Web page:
Department of Economics and Statistics

### Daily Temperature Modelling for Weather Derivative Pricing

### - A Comparative Index Forecast Analysis of Adapted Popular Temperature Models

Abstract

This study aims to construct improved daily air temperature models to obtain more precise index values for New York LaGuardia and, thus, more accurate weather derivative prices for contracts written on that location. The study shows that dynamic temperature submodels using a quadratic trend on a 50-year dataset generally produce more accurate forecast results than the studied models that do not. Moreover, the market model outperforms all other models up to 19 months ahead in the future.

Bachelor’s & Master’s Thesis, 30ECTS Financial Economics

Spring Term 2013

Acknowledgements

I wish to express my deepest gratitude to the following people for believing in me and supporting me throughout this study process and beyond:

my supervisors, Lennart and Charles, my husband, Stefan,

1. Introduction...4 1.1 Background...4 1.2 Purpose ...8 1.3 Research Questions ...9 1.3.1 Hypothesis I ...9 1.3.2 Hypothesis II ...9 1.3.3 Hypothesis III ...9 1.3.4 Hypothesis IV... 10 1.3.5 Hypothesis V... 10 1.3.6 Hypothesis VI... 10 1.3.7 Hypothesis VII... 10 1.4 Contributions...10 1.5 Delimitations ...11

2. Weather Derivative Contracts...12

2.1 Weather Variable ...12

2.2 Degree Days ... 12

2.3 Official Weather Station and Weather Data Provider...13

2.4 Underlying Weather Index ...13

2.5 Contract Structure...13

2.6 Contract Period ...15

3. Weather Derivative Pricing: A Literature Review ...16

3.1 Daily Temperature Modelling...17

3.1.1 Discrete Temperature Processes...18

3.1.2 Continues Temperature Processes...23

4. Preparatory Empirical Data Analysis ...27

4.1 The Dataset ...27

4.2 Controlling for Non-Climatic Data Changes...28

4.2.1 Checking Metadata ...28

4.2.2 Structural Break Tests ...29

5. Temperature Modelling and Methodology ...34

5.1 The Modelling Framework ...34

5.2 The Adapted Campbell and Diebold Model (2005) ...36

5.3 The Adapted Benth and Šaltytė-Benth Model (2012) ...41

6. Index Forecast Analysis...48

6.1 Out-of-Sample Forecasting...48

6.1.1 Comparing Index Forecast Accuracy ...50

6.1.2 Benchmark Models...51

6.2 Index Forecast Analysis ...51

### 1. Introduction

The prime objective of the majority of operating firms today is to be profitable and maximize value for shareholders and other stakeholders. One contributing factor towards this goal is risk management, which reduces a firm’s overall financial risk by creating greater turnover stability. Risk management hedging can shield a firm’s performance against a number of financial risks, such as e.g. unexpected changes in exchange rates, interest rates, commodity prices, or even the weather! Today the weather derivatives market is a growing market offering hedging opportunities to many different business sectors. Setting fair prices to weather derivative instruments requires long-term weather models since firms need to forecast weather indexes many months ahead for planning purposes.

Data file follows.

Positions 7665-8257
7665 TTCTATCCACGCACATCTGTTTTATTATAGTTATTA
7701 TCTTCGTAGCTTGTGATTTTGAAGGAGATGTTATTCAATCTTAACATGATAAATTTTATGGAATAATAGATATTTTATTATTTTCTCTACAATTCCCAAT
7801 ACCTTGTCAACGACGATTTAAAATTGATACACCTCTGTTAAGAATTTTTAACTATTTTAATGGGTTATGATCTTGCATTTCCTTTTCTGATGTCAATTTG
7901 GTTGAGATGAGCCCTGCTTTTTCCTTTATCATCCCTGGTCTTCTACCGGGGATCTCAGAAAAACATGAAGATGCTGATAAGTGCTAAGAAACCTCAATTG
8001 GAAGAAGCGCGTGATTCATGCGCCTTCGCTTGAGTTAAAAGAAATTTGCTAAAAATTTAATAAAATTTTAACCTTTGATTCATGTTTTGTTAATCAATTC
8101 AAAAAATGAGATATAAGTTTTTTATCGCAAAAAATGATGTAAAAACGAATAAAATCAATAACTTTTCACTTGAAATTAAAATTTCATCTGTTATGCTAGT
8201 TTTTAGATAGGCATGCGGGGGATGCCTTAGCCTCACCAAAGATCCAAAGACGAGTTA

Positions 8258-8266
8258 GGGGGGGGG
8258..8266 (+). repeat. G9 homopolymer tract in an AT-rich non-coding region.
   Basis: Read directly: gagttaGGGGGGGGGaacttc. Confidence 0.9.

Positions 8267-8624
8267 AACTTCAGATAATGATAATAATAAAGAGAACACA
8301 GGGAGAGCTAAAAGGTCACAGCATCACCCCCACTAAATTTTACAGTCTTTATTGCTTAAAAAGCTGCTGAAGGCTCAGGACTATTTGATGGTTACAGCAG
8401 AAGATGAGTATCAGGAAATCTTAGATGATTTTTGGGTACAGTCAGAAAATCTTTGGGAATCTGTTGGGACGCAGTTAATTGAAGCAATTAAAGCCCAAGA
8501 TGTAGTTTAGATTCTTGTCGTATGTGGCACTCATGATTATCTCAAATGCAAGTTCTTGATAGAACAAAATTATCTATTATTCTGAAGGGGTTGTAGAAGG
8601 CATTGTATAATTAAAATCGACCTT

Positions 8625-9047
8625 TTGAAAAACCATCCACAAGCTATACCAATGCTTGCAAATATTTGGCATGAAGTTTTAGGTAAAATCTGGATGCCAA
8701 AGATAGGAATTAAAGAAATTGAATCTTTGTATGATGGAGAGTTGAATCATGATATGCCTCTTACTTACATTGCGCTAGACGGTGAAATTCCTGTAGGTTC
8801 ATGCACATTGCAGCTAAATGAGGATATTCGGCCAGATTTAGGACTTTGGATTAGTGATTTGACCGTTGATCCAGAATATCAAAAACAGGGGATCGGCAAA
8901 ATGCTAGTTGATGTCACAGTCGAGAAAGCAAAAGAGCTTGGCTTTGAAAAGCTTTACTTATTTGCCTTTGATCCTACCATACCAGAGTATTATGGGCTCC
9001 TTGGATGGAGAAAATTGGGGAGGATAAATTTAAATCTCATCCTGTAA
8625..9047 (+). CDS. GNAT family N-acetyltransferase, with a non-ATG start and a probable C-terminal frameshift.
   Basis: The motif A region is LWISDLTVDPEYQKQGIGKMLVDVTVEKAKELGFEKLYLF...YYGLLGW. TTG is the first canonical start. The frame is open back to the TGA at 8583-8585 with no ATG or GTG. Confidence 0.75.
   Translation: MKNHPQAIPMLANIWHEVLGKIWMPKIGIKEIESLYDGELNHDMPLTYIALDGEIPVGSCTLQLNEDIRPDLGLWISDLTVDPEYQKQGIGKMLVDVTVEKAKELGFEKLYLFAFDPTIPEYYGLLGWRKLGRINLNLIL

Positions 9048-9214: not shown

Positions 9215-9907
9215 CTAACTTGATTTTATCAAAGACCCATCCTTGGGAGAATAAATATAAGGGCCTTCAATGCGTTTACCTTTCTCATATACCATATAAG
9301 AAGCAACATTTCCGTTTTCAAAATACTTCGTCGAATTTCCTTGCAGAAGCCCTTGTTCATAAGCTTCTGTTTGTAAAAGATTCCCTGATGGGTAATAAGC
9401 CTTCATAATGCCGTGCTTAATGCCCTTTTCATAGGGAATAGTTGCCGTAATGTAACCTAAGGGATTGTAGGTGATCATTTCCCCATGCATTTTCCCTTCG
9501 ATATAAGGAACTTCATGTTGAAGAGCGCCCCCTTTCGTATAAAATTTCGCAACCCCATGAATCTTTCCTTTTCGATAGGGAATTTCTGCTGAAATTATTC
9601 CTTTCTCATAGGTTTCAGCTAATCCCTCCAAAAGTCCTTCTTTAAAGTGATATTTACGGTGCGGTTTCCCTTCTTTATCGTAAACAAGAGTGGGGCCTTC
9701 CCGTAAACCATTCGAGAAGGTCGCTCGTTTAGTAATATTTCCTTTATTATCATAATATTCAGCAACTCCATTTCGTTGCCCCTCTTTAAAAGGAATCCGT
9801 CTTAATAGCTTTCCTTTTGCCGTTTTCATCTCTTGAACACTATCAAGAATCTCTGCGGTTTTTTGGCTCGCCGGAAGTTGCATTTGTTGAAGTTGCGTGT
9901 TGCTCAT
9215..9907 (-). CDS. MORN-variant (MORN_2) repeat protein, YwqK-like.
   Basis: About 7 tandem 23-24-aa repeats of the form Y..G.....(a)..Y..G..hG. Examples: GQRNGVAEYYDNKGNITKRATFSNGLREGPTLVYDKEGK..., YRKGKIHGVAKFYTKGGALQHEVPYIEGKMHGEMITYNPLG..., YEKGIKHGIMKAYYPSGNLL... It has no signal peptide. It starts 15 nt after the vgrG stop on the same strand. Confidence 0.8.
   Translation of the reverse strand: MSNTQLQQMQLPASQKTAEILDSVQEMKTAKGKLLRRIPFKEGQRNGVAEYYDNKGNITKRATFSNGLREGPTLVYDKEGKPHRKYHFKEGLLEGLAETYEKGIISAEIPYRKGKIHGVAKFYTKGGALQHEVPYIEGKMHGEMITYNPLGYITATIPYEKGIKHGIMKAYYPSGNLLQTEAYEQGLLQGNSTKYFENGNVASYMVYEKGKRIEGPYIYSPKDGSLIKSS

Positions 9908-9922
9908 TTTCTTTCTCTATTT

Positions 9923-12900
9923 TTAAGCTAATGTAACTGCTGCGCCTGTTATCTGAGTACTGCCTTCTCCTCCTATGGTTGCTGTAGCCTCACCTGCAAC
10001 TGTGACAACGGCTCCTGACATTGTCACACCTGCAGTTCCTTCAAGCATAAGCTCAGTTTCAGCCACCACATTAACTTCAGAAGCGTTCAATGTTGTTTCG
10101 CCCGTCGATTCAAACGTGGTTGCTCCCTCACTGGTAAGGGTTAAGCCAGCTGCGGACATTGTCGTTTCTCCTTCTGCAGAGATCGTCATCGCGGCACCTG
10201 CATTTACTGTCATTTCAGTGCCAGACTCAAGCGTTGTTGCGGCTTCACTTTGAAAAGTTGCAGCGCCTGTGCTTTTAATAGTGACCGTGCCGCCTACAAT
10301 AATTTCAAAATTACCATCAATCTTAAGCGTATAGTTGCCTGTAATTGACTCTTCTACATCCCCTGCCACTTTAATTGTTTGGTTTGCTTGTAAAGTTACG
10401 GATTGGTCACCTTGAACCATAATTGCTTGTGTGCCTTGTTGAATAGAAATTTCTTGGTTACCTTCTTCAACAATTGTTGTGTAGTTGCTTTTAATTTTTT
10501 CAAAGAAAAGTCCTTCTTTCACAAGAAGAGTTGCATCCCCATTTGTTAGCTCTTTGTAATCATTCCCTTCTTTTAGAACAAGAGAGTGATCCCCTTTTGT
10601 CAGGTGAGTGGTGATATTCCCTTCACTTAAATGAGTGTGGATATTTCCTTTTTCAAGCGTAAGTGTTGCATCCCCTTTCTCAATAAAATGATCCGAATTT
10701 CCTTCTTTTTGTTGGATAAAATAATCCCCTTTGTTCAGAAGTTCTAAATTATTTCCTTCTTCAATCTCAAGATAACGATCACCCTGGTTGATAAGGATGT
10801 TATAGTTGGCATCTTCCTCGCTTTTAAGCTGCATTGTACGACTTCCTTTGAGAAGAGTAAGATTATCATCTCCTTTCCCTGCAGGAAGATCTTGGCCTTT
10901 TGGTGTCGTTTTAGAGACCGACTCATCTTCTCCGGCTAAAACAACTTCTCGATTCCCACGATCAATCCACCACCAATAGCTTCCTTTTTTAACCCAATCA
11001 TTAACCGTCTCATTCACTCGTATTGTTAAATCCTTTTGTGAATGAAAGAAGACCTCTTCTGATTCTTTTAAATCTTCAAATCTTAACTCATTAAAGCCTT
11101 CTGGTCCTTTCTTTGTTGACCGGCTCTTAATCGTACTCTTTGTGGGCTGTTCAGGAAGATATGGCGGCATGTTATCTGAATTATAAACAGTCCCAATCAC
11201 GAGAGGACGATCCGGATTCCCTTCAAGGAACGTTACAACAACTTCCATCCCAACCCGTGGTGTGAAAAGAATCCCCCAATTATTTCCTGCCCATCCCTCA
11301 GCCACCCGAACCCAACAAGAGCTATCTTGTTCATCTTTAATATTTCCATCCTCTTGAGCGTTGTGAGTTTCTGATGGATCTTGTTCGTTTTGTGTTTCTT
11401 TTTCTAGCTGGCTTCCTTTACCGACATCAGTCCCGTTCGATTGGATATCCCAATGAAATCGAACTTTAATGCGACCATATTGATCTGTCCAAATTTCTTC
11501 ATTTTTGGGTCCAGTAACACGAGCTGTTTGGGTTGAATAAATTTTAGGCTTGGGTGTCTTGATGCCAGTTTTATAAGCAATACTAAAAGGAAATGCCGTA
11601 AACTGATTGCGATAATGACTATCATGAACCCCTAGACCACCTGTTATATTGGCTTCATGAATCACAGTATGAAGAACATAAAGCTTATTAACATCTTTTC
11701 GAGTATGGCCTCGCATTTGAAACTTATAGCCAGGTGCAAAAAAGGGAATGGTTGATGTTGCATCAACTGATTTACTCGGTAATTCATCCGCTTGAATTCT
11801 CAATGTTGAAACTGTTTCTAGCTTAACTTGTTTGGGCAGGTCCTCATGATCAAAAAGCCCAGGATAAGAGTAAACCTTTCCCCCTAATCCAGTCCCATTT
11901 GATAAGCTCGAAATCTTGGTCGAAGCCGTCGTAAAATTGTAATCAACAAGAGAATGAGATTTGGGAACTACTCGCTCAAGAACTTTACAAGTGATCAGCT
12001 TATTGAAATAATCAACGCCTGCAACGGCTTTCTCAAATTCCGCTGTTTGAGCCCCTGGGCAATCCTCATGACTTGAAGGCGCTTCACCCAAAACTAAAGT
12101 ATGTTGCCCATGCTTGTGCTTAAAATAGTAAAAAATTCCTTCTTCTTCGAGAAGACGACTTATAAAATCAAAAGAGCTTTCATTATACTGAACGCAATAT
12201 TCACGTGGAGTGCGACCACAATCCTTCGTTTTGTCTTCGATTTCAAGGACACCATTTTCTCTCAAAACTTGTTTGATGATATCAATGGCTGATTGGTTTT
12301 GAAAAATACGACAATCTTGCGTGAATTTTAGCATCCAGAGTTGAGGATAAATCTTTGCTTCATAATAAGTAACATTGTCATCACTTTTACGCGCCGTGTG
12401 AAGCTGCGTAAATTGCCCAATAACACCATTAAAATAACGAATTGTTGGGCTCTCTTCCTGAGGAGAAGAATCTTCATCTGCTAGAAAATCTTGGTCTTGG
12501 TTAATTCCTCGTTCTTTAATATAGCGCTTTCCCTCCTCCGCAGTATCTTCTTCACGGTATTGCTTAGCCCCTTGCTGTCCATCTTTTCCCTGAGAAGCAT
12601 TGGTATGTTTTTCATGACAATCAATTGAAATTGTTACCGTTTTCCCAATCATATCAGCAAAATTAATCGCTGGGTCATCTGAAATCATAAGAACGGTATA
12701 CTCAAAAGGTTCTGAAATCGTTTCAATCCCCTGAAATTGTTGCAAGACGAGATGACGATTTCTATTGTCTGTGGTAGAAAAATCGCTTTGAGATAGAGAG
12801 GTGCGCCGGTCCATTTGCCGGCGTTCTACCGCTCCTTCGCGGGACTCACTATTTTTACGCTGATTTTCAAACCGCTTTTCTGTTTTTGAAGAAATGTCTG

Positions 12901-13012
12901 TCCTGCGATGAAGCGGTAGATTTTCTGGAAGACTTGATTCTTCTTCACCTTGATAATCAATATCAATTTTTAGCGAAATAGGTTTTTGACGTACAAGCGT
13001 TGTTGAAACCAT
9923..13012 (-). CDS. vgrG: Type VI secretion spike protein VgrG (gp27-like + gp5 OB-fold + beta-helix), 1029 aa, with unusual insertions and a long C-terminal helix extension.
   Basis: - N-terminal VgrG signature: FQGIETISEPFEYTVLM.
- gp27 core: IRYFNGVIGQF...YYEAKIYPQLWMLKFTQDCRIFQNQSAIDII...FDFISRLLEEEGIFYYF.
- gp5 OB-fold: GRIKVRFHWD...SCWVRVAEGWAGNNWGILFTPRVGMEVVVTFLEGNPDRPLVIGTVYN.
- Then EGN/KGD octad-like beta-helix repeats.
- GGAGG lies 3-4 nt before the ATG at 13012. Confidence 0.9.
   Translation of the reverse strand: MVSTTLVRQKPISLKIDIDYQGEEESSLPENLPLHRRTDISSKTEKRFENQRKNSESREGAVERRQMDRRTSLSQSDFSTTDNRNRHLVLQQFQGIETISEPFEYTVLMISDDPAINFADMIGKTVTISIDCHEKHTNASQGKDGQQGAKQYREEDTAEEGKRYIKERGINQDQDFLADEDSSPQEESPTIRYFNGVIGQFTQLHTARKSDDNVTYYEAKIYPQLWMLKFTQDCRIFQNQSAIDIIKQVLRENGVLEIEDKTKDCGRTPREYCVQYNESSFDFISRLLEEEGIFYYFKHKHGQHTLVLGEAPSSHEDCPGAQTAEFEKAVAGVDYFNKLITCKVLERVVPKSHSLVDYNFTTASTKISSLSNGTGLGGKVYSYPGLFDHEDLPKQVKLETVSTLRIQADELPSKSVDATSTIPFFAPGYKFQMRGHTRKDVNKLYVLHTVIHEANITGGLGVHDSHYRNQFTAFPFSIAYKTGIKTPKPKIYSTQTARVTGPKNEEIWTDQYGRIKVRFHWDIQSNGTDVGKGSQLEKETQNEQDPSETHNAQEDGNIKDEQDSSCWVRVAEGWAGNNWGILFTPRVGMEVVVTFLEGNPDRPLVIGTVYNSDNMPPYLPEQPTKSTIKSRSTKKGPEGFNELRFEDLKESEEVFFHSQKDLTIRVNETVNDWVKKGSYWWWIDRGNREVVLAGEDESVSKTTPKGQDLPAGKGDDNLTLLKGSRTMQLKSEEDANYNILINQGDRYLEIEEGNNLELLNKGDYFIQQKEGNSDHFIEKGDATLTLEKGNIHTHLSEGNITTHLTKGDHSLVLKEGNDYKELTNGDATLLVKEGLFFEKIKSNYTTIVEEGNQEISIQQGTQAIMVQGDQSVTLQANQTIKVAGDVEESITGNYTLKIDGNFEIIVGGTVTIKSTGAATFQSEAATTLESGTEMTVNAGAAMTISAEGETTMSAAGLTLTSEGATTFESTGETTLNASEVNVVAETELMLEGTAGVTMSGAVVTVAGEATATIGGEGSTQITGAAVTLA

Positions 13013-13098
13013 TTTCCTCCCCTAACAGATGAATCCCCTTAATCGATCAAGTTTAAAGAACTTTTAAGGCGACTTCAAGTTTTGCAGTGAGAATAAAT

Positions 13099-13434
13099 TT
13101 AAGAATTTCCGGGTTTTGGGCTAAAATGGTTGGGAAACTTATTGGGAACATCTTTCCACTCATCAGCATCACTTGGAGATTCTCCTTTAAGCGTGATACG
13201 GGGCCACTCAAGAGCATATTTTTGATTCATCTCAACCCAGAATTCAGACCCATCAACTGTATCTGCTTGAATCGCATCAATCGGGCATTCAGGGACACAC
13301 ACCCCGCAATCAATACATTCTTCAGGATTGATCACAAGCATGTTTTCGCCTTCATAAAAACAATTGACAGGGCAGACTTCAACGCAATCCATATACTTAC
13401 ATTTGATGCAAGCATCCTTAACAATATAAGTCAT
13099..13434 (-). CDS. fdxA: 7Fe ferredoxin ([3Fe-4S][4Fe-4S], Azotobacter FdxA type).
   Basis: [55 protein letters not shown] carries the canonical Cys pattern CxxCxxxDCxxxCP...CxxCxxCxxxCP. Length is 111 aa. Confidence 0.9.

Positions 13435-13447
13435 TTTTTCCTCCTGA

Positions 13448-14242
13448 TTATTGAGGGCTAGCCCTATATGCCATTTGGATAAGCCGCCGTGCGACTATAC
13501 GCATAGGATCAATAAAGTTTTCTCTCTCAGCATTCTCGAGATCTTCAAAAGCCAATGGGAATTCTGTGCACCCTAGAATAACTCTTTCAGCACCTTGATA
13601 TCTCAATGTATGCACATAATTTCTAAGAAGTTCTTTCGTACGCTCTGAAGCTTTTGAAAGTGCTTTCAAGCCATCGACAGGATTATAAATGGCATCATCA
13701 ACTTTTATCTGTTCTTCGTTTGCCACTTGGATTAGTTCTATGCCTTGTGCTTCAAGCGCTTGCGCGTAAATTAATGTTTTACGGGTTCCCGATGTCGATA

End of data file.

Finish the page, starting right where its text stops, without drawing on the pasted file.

The present study uses daily air temperature data from the weather station at New York LaGuardia Airport for the in-sample period 1961-2010 to evaluate and compare the out-of-sample forecast performance of adapted versions of two popular temperature models. The adapted submodels consist of different combinations covering choice of dataset length, choice of time trend, and choice of daily average temperature, all fundamental elements which can have an effect on index values. The adapted submodels are compared against each other and against a number of benchmark models, i.e. the original popular models, the market model as well as a number of naïve average index models. Forecast performance is measured by comparing calculated monthly and seasonal index values from forecast daily temperature values against actual monthly and seasonal index values. The purpose of this study is to identify improved daily temperature models to obtain more precise index values for New York LaGuardia and, thus, more accurate weather derivative prices for contracts written on that location. The results show that dynamic temperature submodels which use a quadratic trend on a 50-year dataset generally produce more accurate forecast results than the studied models that do not. Moreover, the market outperforms all other models up to 19 months ahead in the future.

### 1.1 Background

measuring economies’ weather sensitivity, one thing is clear: weather carries a significant economic and social impact, affecting not only supply and demand for products and services but also the everyday lives of people worldwide. When focusing on economic supply, business sectors are directly or indirectly affected by weather elements such as temperature, frost, precipitation, wind, or waves. A short – yet by no means exhaustive – list of weather-sensitive economic activities categorized by business sector is as follows:

• agriculture: crop farming, livestock farming, fish farming;

• arts, entertainment, and recreation: amusement parks, casinos, cinemas, golf courses, ski resorts, sporting events;

• banking and investment: insurance, reinsurance;

• construction: road construction, building construction, and bridge construction; • health care and medicine: hospitals, pharmacies;

• retail: clothing stores, seasonal equipment stores, supermarket chains; • transportation: airlines, airports;

• utilities: suppliers of electricity, coal, oil, and water.